Tis the season to love thy neighbor and buy loads of presents for said neighbor and sister and mom and dad and cousin and grandma and, shit, I forgot my work was doing a white elephant this year. Bottom line is, as a person who loves the holiday season as much as Santa loves cookies, I, too, get overwhelmed by gift giving.
Sure, you can get a candle from Target that says “I don’t know you at all,” but what’s the fun in that? Good thing Eugene Weekly has you covered with unique present ideas for your equally quirky friends and family. For your dad who keeps reminiscing about when EW published comics, go to Tsunami Books and get him a copy of Emerald City by Jesse Springer filled with ’90s comics that used to run in the Weekly. And if you’re still scratching your head wondering what locally made, ethically sourced gift you can get for that special someone in your life, try a subscription to Eugene Weekly — it’s truly the gift that keeps on giving. Just drop us a note at Office@EugeneWeekly.com, or call 541-484-0519.
What to get your friend in an indie rock band (they’re gonna blow up any day now)
Let’s face it. Your friend who is in that indie rock band is probably still using a cheap Roland Cube amp that sounds like a washing machine on a good day. Is it loud enough? No. Does it sound good? Of course not. Maybe the nostalgia from 2012 is what is keeping them from replacing this amp. The good news is that McKenzie River Music has your friend covered.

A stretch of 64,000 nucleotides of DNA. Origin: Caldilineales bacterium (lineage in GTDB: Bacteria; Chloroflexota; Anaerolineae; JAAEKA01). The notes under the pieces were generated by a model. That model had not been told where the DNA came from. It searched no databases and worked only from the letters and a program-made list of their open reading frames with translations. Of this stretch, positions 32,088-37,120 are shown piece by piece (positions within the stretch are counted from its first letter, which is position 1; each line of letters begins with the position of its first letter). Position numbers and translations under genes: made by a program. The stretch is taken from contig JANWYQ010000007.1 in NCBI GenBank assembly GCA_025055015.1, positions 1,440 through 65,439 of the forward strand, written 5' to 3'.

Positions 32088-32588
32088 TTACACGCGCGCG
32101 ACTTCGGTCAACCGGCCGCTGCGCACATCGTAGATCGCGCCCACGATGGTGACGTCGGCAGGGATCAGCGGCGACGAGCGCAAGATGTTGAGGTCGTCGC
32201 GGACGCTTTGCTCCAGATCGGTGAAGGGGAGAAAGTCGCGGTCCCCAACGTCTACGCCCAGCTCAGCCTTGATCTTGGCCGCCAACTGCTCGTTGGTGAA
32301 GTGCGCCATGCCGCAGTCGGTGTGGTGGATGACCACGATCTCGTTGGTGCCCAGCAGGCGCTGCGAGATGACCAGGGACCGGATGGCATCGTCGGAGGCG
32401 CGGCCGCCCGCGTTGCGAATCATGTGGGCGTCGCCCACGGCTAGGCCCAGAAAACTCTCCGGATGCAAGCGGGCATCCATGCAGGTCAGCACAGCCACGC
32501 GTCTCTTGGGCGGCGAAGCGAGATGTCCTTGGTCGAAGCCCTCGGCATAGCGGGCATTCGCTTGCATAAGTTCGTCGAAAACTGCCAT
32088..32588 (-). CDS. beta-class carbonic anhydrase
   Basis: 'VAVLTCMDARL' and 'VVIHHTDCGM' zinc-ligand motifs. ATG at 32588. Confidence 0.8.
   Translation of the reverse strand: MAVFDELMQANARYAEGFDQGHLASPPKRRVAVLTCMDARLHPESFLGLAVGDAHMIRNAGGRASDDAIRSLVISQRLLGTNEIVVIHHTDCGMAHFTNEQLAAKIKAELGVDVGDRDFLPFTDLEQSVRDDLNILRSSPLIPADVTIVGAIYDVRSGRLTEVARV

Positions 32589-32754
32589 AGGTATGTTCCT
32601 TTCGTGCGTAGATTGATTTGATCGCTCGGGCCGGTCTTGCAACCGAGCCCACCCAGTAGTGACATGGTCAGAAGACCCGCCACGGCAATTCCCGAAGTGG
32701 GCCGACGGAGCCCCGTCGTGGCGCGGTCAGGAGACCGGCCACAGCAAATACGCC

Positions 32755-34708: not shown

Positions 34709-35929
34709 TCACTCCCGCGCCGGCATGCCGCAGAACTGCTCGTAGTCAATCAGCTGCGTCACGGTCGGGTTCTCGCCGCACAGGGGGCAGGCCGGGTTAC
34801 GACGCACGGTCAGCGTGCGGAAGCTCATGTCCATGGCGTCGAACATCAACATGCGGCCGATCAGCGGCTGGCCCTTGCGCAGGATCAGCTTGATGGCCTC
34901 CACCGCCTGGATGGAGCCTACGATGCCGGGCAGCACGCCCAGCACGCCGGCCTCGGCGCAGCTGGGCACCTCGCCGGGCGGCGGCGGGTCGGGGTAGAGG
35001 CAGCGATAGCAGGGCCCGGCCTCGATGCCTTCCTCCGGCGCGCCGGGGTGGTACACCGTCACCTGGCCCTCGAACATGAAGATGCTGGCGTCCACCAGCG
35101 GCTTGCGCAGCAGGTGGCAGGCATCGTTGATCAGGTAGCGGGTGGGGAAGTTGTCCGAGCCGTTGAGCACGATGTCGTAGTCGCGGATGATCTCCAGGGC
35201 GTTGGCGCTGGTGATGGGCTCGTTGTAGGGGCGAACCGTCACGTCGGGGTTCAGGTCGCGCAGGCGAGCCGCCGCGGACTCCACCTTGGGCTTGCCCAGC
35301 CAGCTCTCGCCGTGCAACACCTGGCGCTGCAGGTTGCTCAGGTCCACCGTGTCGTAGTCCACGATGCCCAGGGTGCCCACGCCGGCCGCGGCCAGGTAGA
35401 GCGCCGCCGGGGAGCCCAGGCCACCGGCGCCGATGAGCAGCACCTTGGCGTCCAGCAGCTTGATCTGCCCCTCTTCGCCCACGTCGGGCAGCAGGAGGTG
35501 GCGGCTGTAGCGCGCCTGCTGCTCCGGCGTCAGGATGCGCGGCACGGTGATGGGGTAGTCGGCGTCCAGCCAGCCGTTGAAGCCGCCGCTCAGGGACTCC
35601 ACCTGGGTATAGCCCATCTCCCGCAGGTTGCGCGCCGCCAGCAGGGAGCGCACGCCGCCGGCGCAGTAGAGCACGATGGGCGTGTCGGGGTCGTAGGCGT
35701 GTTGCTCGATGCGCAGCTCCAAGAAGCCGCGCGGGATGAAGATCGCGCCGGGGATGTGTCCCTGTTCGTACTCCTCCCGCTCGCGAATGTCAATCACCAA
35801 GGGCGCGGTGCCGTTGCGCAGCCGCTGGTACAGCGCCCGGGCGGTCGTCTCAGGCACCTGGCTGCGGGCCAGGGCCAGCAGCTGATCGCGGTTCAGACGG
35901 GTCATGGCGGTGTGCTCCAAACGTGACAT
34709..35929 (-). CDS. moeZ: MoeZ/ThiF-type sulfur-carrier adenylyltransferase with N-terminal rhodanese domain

Ask your friend’s bass player to pitch in from their house show money and get them a Fender “Tone Master” Twin Reverb (more than $1,000 new, but a couple hundred dollars cheaper used at McKenzie). The Twin Reverb combines classic tones with modern functions such as a USB cable for firmware updates, onboard tremolo and reverb, and a custom Jensen N-12K Neo speaker. To top it all off, the Tone Master is made of solid pine, making it light and easy to move around between shows and your friend’s Camry’s trunk. With 85 watts of power your friend will actually have some powerful and beautiful tone, and they will hopefully get you back with some free beer and a ticket to their next show. — Josiah Pensado
McKenzie River Music is located at 455 W. 11th Ave. For more information go to McKenzieRiverMusic.com or call 541-343-9482.
A gift for your neighbor’s white elephant party
No one actually wants to receive a candle or a throw blanket at a white elephant gift exchange. No, people want something unique, like a robotic cat. The Joy for All Companion Pet Cat is suitable for all ages, 5 to 105, so whether it’s the child who’s always playing in the street or the elderly couple living on the corner, this gift could truly be given to any neighbor.